2019 NBA Playoffs

Q&A: Warriors analyst Barnett still living charmed NBA life

From playing days to Golden State's current run, broadcaster has seen it all

Shaun Powell

Shaun Powell

There might be a few people to bear witness of the evolution of the Golden State Warriors better than Jim Barnett, but none from a closer seat.

Barnett has been their TV analyst for over three decades and has verbalized it all, from Sleepy Floyd to Don Nelson to Chris Washburn to the “We Believe crew” and right up to the Stephen Curry-led rampage that’s still in progress.

Barnett played for the Warriors from 1971-74, giving him an additional perspective on the franchise. His 11 seasons as an NBA player was spent hopscotching around the NBA and was a teammate of Bill Russell, Julius Erving, John Havlicek, Pete Maravich and Nate Thurmond (among others).

An member of the 1970-71 expansion Portland Trail Blazers, Barnett averaged 18.5 ppg that season. During one game, a rally against the Los Angeles Lakers, Barnett heaved a lengthy shot that swished and tied the score. Blazers broadcaster Bill Schonely became excited and inexplicably shouted “Rip City!” into the mic, creating Portland’s signature hoops catch phrase.

Barnett was a lively, breezy, quick player with a quirky personality, but never was a star. His first contract paid $11,000 and, he says, he never had a guaranteed deal. To help make ends meet, Barnett had a side hustle in sales.

Eventually, though, the game came calling again, and Barnett became the Warriors’ TV analyst in 1985. The Warriors initially had moderate success and then went through a dry spell where they missed the playoffs in 17 of 18 seasons.

But all bad things must come to an end, and the turnaround was launched with the drafting of Curry and then, Klay Thompson.

He’s known for his wit, analytical mind and gift of gab – as well as the perspective of someone whose NBA knowledge goes back five decades. Not many team TV analysts have outlasted Barnett, which he owes to luck but also his connection with the evolving audience.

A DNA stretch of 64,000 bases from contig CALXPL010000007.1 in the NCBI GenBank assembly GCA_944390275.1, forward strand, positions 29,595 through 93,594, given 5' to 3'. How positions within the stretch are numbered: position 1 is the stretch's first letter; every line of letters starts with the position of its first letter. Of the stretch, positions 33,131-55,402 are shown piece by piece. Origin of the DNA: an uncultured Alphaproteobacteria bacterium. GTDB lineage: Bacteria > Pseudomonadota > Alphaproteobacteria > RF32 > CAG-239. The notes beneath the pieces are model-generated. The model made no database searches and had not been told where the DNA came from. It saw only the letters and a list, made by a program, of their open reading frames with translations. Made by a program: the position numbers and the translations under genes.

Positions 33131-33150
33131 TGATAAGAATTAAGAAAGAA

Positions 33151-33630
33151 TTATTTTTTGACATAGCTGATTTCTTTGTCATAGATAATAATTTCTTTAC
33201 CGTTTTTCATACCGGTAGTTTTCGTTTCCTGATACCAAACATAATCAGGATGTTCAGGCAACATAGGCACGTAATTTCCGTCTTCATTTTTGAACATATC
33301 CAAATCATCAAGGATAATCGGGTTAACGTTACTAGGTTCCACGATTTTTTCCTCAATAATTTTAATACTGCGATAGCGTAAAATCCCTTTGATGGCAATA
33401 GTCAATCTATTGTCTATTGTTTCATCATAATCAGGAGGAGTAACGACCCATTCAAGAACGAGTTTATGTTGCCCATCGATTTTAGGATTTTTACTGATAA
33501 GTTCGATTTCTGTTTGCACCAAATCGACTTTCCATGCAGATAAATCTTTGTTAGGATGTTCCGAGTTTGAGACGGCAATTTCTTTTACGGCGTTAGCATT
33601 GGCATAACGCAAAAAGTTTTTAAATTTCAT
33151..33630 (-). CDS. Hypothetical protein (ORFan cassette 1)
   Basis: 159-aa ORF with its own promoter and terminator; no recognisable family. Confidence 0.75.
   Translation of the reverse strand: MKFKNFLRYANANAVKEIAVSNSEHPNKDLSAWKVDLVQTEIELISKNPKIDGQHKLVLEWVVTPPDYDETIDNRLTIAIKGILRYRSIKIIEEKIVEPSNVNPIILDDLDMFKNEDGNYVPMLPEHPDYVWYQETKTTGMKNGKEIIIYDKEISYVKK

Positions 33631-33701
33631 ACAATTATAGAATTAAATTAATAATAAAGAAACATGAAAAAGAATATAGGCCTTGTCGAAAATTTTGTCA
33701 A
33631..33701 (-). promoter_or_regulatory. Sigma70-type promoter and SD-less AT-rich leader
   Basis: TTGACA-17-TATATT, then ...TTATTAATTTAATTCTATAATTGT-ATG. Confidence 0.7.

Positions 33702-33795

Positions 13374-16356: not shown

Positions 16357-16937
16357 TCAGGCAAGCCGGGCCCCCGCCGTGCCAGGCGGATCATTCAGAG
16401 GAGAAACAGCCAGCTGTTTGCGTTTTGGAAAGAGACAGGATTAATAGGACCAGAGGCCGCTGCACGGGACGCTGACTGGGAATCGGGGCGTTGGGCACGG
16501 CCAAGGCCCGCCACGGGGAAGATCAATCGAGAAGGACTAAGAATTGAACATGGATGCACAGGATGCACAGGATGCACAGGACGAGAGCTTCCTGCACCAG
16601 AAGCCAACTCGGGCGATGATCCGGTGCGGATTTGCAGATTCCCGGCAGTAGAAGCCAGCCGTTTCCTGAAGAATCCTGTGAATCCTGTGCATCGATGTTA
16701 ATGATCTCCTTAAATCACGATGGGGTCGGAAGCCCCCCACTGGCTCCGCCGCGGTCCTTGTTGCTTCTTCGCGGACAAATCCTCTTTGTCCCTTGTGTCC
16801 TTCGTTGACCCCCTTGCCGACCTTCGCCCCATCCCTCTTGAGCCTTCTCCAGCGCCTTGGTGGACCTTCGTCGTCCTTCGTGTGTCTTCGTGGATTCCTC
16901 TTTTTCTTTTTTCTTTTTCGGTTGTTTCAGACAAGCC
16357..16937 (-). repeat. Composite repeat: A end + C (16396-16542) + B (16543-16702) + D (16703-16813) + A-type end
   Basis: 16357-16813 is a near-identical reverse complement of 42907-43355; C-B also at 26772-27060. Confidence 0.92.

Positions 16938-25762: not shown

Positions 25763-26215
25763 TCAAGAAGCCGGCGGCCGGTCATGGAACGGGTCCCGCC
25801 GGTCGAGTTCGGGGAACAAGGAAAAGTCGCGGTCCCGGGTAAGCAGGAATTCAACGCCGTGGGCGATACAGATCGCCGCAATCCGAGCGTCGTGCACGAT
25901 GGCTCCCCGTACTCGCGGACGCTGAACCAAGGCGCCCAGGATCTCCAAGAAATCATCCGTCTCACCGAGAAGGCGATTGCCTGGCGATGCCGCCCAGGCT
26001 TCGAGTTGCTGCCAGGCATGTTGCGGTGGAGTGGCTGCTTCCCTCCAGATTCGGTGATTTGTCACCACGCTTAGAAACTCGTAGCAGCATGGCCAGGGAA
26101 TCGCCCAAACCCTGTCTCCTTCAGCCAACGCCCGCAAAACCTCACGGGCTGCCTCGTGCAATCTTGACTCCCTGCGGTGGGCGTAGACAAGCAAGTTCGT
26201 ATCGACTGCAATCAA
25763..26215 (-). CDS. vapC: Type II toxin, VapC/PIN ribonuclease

Barnett spoke recently with NBA.com about his career, how the game was played back in the day, those losing Warriors’ seasons and how Golden State’s dynasty stacks up with the Boston Celtics’ of the 1960s.

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Q: You were drafted by the Celtics as the eighth pick overall in 1966. That was also Bill Russell’s first season as player/coach. How was he as a teammate and coach?

A: He was very intimidating to me. I mean, this was Bill Russell. He won 11 championships in 13 years. My first impression was he was very fair, and I knew if I played hard, I’d get a fair shake. He was also kind of aloof and quiet.

Q: You arrived right in the thick of Boston’s dynasty, correct?

A: Those guys had won eight straight championships. You have to understand, when I came into the league, hell, I was afraid I wasn’t going to make it. I was very intimidated. Guys today think about playing in the NBA when they’re in eighth grade. I just wanted to go to college and maybe start by the time I became a sophomore at Oregon. My goals were modest. I didn’t think about the NBA until I was a junior in college and averaging 18 a game. When I went to Boston I worked by ass off.

The players were smarter then because we all went to college for four years. … But the players today are much more athletic. If you put Steph Curry or Kevin Durant back in our day people would be amazed by them.”

Jim Barnett, on the difference between players from his era and now

Q: What was that first training camp like?

A: Wayne Embry, who later became the longtime general manager of the Cavaliers but was the backup center then, hadn’t worked out all summer. Guys in those days came to training camp to get into shape; they weren’t already in shape, not like today’s players. Well, someone stole Russell’s shoes, so they thought and hoped camp that day would be cancelled, because Russell was a task master and we needed a break. Turned out Sam Jones stole his shoes. Well, Russell didn’t get mad often but he was angry that day. He had us run in place for about two hours. And Embry, poor guy, was in a puddle of water. Looked like he took a shower right there.

Q: You had the fortune of playing in the NBA and yet the misfortune of missing out on not just one championships, but two, right?

A: My rookie year with the Celtics we lost in the conference finals to that great Philadelphia team. The Celtics had won eight straight titles before I arrived. Then I left and they won it the very next year. I was with the Warriors for three years and then I went in the expansion draft in 1974 [to the New Orleans Jazz]. The Warriors won the ’75 title. I got picked up by the Sixers in 1977, that was (Julius Erving’s) first year. Early on I’d asked to be released because they were going to put me on injured reserve. Worst decision I ever made. I went home and World B. Free got hurt. I would’ve been activated and played in the NBA Finals. The Sixers lost to Portland, but still.